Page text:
Diversity in publishing is the theme for the next session. We are visiting the OBA, Amsterdam’s largest library and hearing about their initiative, The House of all Languages, and meeting Chafina Bendahman, the founder of Rose Stories, a Dutch publishing house that focuses on stories from other cultures. There are over 150 languages spoken in Amsterdam and only four foreign languages stocked on the library’s shelves (English, German, French and Spanish). The library has funding to increase its engagement with the diverse population in The Netherlands as well as increase their foreign language collection. (Later we will be shown the impressive shelves that have been constructed to house the new collection.) Chafina talks about the challenges in bringing work by Moroccan authors to the public and sparks a conversation about representation and reflection in children’s books.
Afterwards, we head towards the children’s section in the library and the large Perspex box that houses Karina Shaapman’s towering Mouse Mansion that is on permanent display in the OBA. Over the last two days, we’ve been commenting in the high production values of Dutch books and now we’re all enamoured by the interior design of this building, from the circular book shelves complete with viewing platform, to the fun-sized seating and couches that are dotted around the room, to the illuminated books that hang from the ceiling.
The sky and canal are a steely grey, but the higgledy-piggledy outline of bikes, dark against the whiteness of the snow, looks beautiful. We are heading to Singel Publishers, home of children’s publisher, Querido. Rights Director, Luciënne van der Leije, is hosting our dinner in the heart of Querido’s office and introducing us to authors Simon van der Geest, Marjolijn Hof, Bart Moeyaert, Tjibbe Veldkamp and Edward van de Vendel, as well as author-illustrator Leo Timmers, the creator of the current Dutch picture book of the year (Een huis voor Harry/A Home for Harry). Once again, my colleagues and I are struck by the breadth of literature this publishing house offers from literary fiction to fantasy to humour, and picture books, middle grade novels and young adult fiction. As well as the quality of the presentations from the authors and illustrators who tell us about their work. I know I’m not the only one taking note of the books that have piqued my interest.
We are back inside the Foundation on Day Three for a ‘speed dating’ session with publishers, rights people and agents. We are at the pointy end of the trip now as the intensity has increased. We will be having one-on-one meetings with eleven publishers, hopping from desk to desk, hearing about multiple titles and requesting material. It’s an intense session but fruitful. After a quick lunch in the Foundation, we head to the famous Rijksmuseum as it’s time to meet illustrators.
It’s impossible not to be impressed by the grand Rijksmuseum, which is about to open an exhibition of over 300 Rembrandt paintings and drawings, and which must be the biggest collection of Rembrandt work in the world. We are directed into a large artist’s studio. It’s a beautiful space — not only because of the artists’ work which is on display but because the room is obviously a working area with easels, large stainless steel basins against the wall, a rack of paint-splattered aprons, a cabinet filled with brightly coloured pigment, even a skull. It’s a lively, interesting space and an appropriate location for critic Annemarie Terhell’s presentation on Dutch illustration. We leave this room thinking about those famous Dutch illustrators like Dick Bruna, Thé Tjong-Khing, Fiep Westendorp as well as the talented contemporary illustrators we’ve just met including Ludwig Volbeda, Marije Tolman, Enzo Pérès-Labourdette and Sylvia Weve.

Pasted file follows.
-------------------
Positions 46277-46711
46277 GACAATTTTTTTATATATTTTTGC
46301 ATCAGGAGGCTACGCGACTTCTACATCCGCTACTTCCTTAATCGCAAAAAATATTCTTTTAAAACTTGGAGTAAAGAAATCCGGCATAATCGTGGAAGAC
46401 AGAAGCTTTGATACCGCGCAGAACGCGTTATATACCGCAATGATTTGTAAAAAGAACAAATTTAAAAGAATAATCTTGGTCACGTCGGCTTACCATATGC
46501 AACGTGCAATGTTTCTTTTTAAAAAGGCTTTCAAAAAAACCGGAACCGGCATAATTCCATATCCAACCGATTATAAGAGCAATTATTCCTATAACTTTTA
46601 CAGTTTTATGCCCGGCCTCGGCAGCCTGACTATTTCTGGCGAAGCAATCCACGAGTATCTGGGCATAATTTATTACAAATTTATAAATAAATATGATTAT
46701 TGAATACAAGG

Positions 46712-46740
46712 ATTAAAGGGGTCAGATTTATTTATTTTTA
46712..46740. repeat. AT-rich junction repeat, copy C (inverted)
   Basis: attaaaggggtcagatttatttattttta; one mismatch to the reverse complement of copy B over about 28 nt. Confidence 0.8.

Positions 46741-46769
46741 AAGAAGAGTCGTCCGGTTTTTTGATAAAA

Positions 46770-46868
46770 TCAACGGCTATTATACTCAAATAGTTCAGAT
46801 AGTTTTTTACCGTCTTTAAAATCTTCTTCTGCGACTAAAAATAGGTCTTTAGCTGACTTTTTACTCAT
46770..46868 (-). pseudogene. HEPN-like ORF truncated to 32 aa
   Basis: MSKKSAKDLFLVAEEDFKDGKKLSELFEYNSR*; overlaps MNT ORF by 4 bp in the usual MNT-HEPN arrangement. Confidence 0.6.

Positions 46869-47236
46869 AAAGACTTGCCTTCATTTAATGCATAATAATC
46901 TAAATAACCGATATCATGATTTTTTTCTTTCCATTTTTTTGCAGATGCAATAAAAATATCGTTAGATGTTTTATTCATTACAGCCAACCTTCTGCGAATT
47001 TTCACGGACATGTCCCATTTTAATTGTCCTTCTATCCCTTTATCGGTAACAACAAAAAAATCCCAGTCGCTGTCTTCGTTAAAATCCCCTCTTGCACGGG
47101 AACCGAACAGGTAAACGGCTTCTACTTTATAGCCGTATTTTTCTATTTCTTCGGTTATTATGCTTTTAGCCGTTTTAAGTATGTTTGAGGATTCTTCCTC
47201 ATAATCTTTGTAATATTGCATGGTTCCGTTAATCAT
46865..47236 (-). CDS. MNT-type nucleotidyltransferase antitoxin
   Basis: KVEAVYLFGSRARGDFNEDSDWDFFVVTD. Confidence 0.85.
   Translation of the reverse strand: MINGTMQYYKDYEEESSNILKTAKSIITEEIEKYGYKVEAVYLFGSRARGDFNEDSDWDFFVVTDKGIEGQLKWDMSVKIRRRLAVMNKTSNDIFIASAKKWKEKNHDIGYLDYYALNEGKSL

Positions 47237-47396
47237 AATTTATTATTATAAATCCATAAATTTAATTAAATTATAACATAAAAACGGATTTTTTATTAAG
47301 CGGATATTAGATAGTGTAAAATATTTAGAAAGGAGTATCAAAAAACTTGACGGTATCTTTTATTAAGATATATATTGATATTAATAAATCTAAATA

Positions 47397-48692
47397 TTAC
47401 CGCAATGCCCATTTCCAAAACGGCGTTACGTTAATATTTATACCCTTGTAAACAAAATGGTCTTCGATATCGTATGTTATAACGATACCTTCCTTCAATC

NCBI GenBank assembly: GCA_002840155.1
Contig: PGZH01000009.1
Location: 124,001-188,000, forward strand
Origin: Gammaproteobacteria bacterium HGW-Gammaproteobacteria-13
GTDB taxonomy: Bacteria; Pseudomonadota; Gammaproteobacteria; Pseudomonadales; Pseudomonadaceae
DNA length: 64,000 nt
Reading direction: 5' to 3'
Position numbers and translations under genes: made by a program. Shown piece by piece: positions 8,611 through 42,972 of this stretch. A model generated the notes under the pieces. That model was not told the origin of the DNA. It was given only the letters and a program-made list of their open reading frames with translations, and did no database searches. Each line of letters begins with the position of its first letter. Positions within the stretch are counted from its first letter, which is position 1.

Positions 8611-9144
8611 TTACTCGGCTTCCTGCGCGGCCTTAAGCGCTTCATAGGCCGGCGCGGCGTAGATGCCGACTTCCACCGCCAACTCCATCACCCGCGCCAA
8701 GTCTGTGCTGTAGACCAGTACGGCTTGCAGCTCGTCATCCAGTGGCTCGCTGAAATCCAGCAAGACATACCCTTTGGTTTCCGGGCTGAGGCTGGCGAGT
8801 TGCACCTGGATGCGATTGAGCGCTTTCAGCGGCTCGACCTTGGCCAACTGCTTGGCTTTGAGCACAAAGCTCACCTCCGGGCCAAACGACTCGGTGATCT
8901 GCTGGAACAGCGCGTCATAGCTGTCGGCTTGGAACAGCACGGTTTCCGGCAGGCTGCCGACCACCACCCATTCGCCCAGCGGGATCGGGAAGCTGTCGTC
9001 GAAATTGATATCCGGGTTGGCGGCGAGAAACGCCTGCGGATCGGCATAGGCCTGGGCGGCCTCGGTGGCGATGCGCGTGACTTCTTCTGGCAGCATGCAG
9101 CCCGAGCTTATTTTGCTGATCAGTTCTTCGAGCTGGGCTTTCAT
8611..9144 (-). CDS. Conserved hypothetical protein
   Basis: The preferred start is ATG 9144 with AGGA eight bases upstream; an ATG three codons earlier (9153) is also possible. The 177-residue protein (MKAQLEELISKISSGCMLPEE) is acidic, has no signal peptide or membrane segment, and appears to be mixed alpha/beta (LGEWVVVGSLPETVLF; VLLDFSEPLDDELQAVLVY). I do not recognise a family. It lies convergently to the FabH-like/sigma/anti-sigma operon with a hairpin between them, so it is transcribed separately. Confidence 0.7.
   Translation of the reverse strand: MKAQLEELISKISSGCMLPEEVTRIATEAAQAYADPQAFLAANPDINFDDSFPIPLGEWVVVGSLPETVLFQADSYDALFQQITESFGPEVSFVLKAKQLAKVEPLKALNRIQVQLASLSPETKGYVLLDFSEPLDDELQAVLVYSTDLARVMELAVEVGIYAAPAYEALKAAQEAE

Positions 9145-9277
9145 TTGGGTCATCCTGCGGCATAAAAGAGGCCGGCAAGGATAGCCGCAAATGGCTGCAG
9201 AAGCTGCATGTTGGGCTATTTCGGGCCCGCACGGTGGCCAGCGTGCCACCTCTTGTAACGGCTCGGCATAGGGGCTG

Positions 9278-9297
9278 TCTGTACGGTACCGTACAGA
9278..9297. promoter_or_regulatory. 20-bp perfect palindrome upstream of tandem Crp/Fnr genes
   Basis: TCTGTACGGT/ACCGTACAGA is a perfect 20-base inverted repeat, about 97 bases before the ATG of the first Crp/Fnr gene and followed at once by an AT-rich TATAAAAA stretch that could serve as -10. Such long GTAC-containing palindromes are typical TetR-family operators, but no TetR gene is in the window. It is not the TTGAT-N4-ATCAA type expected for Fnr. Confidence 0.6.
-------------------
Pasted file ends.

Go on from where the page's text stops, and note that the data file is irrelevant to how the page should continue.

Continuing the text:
We’re still thinking and talking about the work we’ve seen today when we head to the Singelgracht with the illustrators. A canal tour is the perfect way to end our time with these talented people and as we board the warm wooden boat, conversations bubble up.
The boat glides through the water and our tour begins, but soon the atmosphere is so lively, the captain abandons all hope of being heard. Back on land, we say goodbye to our new friends and head to local restaurant, Choux, for our farewell dinner where we are joined by author Ted van Lieshout as well as publishers, Thille Dop and Marieke Spaans. Around the table, conversations range from discussions about books and artists to issues of gender and diversity, as well as to our families and lives. We’ve got to know each other well over the last few days and I’m filled with warmth for the wonderful people in the room. There is an air of finality too amongst the delegates as most of us are going home in the morning. For me, it’s also the end of my picture book life. No more snow, no more cobblestones, canals and bicycles, and no more Dutch authors and books being added to my list of ‘must-reads’. But like all good picture books, this story has been layered with meaning and emotion, and I know long after I’ve returned to the wilting humidity and heat of the Sydney summer, and the crushing weight of my inbox, it will also be unforgettable.